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Self-serving Gallot redistricting plans dead on arrival

What’s most interesting about the redistricting plans submitted by Democrat state Rep. Rick Gallot, chairman of the House and Governmental Affairs Committee, is not that they are dead on arrival starting next week, but that they so nakedly outline his future political aspirations.

In each of three plans, Gallot creates a district that runs across north Louisiana, which encompasses his home base of Lincoln Parish, but avoids not much farther south Jackson Parish, home of Rep. Rodney Alexander, and takes in only the heavily black-populated areas of Natchitoches and Ouachita Parishes. He also in all draws an ink blot district that snakes up the Mississippi River from Orleans to East Baton Rouge Parishes, gulping in as many majority black precincts as possible. That creates some other odd-shaped districts in the area, and also a huge central district that incorporates strange bedfellows of parishes, but what these and all but the one with Lincoln Parish have in common is large overweighing white or black residents in them (at least 62 percent to as much as almost 80 percent).

That majority black district, with its shape as it is, might be a hard constitutional sell even with the imperative of a minority-majority district needed in the state, given it seems drawn primarily with race in mind, especially considering the shapes of the surrounding districts complementing it. Also, the central district might have a hard time showing it really keeps community of interests together. Finally, most of the state’s U.S. House members have chosen to work Gallot’s counterpart on the Senate and Governmental Affairs Committee, Republican state Sen. Bob Kostelka, apparently on plans not similar to Gallot’s. This makes Gallot’s long shots for approval by a majority GOP Legislature concerned about plan legality.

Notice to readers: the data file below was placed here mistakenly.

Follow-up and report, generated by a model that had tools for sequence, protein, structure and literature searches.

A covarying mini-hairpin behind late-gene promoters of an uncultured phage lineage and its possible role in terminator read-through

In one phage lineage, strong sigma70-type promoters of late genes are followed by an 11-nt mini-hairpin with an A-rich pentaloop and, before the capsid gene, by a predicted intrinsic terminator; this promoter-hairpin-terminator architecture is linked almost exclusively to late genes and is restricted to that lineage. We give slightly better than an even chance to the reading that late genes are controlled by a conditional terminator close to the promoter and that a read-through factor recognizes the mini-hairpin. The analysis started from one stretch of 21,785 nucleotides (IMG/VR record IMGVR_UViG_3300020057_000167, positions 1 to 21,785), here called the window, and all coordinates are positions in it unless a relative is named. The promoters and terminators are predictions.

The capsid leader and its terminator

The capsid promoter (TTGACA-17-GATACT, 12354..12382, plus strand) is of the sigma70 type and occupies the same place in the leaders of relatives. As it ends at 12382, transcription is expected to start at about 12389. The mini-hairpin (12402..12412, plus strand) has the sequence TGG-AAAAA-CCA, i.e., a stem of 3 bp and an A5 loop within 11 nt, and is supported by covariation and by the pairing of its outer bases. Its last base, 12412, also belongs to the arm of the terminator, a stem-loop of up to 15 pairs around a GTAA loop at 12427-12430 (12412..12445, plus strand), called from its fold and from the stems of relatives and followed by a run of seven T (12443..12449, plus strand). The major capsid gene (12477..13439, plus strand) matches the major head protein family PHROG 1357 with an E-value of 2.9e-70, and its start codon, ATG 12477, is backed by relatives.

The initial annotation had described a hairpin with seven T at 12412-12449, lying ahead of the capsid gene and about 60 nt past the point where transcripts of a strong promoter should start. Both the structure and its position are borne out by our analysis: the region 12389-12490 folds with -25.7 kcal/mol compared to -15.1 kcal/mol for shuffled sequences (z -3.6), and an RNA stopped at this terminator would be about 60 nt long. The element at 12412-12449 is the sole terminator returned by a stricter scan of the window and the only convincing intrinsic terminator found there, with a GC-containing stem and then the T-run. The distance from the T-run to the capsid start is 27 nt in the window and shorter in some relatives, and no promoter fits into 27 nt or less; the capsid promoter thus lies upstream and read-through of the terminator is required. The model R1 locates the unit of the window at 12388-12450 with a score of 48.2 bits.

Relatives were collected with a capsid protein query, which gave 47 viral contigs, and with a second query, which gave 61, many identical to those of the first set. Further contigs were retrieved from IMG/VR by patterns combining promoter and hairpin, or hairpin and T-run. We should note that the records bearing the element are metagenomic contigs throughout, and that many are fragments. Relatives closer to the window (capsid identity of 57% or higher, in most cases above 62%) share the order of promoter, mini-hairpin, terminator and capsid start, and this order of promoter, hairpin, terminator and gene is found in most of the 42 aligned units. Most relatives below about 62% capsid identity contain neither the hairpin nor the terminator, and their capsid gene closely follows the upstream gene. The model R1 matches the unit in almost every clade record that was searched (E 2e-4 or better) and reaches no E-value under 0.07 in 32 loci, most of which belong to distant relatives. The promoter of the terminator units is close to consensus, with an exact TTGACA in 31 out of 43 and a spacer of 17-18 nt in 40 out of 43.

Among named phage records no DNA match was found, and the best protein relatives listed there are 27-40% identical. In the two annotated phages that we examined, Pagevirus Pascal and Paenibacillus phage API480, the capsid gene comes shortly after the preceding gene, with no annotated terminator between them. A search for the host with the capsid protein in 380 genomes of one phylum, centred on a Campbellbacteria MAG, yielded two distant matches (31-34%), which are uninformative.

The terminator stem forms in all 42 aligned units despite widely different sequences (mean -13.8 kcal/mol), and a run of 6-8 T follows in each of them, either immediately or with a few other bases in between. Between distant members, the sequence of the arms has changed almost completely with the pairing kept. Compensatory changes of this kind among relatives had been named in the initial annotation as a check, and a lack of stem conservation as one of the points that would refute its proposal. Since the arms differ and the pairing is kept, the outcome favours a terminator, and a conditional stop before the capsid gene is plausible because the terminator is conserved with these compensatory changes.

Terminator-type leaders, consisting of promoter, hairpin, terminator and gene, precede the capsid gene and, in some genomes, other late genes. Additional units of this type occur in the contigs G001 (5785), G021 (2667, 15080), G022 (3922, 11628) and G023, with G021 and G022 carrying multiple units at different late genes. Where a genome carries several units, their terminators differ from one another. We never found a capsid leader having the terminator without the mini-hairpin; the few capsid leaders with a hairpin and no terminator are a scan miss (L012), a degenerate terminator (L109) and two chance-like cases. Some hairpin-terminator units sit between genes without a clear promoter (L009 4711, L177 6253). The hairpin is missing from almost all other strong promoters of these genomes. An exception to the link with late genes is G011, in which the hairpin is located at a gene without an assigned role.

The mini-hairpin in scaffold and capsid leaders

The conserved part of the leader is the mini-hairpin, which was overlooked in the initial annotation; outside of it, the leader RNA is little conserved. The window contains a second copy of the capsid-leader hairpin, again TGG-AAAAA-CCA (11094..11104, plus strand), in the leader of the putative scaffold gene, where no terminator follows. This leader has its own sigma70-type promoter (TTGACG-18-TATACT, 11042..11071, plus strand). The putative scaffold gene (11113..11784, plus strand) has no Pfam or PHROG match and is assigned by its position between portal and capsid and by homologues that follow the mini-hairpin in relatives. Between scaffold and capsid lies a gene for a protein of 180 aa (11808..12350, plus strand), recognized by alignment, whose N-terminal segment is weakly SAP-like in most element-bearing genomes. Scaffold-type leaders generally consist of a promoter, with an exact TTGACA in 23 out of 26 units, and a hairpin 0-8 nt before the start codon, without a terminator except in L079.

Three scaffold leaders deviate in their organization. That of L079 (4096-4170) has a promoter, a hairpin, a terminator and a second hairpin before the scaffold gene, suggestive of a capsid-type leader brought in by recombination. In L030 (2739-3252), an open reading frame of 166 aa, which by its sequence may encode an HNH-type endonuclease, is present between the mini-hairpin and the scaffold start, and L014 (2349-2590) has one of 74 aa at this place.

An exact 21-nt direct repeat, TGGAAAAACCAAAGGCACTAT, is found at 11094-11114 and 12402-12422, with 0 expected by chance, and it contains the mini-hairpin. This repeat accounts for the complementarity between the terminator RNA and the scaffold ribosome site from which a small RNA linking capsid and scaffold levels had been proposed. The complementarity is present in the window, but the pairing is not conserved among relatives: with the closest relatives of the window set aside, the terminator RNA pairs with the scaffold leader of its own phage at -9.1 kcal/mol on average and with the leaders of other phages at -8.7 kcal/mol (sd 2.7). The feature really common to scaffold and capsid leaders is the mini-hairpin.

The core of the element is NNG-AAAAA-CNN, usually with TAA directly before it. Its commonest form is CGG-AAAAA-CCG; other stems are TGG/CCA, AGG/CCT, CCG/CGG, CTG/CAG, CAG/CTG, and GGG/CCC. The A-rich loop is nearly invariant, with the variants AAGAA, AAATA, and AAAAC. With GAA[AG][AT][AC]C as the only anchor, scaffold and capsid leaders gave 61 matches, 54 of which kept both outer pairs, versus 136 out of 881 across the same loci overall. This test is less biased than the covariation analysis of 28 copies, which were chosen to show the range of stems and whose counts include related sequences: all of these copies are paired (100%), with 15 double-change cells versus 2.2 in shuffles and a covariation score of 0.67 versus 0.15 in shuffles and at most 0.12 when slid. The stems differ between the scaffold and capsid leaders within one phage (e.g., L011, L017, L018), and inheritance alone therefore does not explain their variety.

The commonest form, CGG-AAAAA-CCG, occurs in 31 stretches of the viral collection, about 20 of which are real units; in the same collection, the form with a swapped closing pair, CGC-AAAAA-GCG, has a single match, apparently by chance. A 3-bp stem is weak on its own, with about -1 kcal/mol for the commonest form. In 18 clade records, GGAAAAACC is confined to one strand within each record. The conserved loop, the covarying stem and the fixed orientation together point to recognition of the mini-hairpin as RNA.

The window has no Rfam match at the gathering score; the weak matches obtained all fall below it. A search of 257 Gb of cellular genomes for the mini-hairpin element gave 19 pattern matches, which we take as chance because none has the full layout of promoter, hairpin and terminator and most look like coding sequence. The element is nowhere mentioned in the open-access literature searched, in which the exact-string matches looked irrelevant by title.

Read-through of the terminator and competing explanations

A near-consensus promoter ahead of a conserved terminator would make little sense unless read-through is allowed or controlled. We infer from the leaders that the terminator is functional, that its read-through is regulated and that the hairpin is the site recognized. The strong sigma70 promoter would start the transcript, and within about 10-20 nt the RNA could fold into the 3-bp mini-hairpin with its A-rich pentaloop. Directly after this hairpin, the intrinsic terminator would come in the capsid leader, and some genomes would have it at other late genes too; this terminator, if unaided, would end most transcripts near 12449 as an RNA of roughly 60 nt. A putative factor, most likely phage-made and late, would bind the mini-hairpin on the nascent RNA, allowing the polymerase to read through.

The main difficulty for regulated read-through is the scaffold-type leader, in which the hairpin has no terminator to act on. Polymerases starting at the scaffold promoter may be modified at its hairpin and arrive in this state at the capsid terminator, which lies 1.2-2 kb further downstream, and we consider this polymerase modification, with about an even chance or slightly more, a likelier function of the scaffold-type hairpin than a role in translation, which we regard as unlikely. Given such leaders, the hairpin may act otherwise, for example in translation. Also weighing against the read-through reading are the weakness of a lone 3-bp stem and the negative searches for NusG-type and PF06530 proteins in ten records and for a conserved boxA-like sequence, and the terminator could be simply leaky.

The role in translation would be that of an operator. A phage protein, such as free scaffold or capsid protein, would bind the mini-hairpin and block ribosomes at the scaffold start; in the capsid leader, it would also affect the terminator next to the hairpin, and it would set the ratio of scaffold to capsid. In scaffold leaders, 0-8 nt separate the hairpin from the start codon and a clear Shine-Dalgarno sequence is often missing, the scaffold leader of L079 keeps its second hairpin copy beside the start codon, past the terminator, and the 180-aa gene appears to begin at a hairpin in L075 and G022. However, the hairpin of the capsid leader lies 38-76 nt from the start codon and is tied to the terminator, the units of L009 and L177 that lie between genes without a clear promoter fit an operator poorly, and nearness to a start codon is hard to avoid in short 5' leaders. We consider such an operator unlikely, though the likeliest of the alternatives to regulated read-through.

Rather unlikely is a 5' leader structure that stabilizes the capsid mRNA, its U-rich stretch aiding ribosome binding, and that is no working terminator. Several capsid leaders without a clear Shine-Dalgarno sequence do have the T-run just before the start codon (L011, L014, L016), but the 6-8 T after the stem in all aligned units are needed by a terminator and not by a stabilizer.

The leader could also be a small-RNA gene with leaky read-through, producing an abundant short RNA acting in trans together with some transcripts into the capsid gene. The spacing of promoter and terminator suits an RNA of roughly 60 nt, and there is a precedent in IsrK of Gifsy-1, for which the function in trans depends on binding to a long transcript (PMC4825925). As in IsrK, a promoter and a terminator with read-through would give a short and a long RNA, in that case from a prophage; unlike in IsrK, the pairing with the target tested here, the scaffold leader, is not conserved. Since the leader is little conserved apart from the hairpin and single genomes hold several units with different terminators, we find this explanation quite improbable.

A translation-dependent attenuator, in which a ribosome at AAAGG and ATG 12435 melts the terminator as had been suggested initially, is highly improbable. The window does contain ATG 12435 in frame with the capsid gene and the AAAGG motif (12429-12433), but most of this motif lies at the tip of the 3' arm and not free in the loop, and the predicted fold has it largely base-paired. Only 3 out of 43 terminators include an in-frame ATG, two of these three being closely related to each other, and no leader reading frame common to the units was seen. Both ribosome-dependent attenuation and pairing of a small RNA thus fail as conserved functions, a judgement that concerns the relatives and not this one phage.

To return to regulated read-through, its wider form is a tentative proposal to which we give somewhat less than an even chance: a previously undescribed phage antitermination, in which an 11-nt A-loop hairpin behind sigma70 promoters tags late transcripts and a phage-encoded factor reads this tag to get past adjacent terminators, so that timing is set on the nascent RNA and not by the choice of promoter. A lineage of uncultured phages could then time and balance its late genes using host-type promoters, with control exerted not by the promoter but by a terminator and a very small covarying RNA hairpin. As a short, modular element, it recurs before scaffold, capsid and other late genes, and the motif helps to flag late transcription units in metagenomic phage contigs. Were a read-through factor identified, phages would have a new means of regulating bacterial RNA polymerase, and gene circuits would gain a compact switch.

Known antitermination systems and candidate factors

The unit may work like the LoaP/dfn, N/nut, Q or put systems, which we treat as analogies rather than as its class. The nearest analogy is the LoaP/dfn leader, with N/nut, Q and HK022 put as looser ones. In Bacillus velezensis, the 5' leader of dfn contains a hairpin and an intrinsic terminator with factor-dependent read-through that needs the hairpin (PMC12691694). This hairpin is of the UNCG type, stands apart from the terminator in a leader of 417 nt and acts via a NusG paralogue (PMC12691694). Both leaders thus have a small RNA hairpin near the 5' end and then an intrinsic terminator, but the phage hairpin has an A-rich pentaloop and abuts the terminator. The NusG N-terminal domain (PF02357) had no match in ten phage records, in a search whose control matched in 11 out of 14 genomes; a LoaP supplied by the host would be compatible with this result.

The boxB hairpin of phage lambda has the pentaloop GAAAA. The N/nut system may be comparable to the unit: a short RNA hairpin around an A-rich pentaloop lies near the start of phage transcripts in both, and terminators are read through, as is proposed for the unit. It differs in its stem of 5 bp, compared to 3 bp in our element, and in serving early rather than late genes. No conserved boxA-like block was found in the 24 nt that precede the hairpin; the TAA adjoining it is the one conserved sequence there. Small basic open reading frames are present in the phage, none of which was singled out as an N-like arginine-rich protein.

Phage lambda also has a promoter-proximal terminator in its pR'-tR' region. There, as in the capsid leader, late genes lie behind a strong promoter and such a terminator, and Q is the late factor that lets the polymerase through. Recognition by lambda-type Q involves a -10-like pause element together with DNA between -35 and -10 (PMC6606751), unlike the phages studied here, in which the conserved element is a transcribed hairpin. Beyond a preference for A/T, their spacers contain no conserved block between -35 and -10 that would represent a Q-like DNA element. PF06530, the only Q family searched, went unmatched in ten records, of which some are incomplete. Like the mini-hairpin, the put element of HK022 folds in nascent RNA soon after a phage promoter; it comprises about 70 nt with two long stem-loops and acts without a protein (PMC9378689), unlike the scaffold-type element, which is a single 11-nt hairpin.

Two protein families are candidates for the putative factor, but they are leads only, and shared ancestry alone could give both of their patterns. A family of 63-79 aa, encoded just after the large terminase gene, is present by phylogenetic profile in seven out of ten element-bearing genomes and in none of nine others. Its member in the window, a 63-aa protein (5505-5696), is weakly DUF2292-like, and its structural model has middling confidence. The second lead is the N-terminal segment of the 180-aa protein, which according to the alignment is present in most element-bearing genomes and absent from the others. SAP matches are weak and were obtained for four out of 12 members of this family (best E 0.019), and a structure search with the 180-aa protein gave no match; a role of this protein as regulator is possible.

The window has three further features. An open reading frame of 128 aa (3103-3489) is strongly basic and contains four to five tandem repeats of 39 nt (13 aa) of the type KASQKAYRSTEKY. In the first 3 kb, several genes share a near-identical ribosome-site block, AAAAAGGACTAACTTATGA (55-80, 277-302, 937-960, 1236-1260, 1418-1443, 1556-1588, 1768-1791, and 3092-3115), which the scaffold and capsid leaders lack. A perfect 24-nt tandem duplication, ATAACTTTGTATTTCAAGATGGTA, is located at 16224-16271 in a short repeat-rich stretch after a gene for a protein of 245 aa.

But that northernmost district is the most revealing. In all plans, it registers about a 54 white to 42 black percent balance (within the white proportion several percentage points representing Hispanics who are not counted out separately). In other words, were Gallot, who is black and term-limited, want to seek a Congressional seat, there’s no friendlier district that he could draw for his own fortunes that has any semblance of constitutionality.

Gallot actually lives (before redistricting) in Kostelka’s district, who is not term-limited and the numbers for which make difficult his election in it. Nor is this district expected to change much in demographic terms in the redistricting session, no matter how changed its borders might get. And for any other state office, probably even for judicial ones (these changes may be delayed a year since they do not require elections until 2012), again the numbers suggest that Gallot could not win any of these. So if he wants any chance at continuing his elected career at the state level or higher, this national district appears to be his best shot, with him hoping to get a near unanimous black vote, a majority of Hispanics, and just enough white liberals to be able to defeat (presumably wishing reelection in 2012) Republican Rep. John Fleming.

There always are going to be politics in redistricting, no matter how much a method for achieving it is designed to try to be nonpolitical. Part of the process of checks and balances weeds out the most blatant affronts to majority interests on behalf of some discrete interest. No doubt that balance will be achieved with the Legislature’s rejections of Gallot’s self-serving plans.

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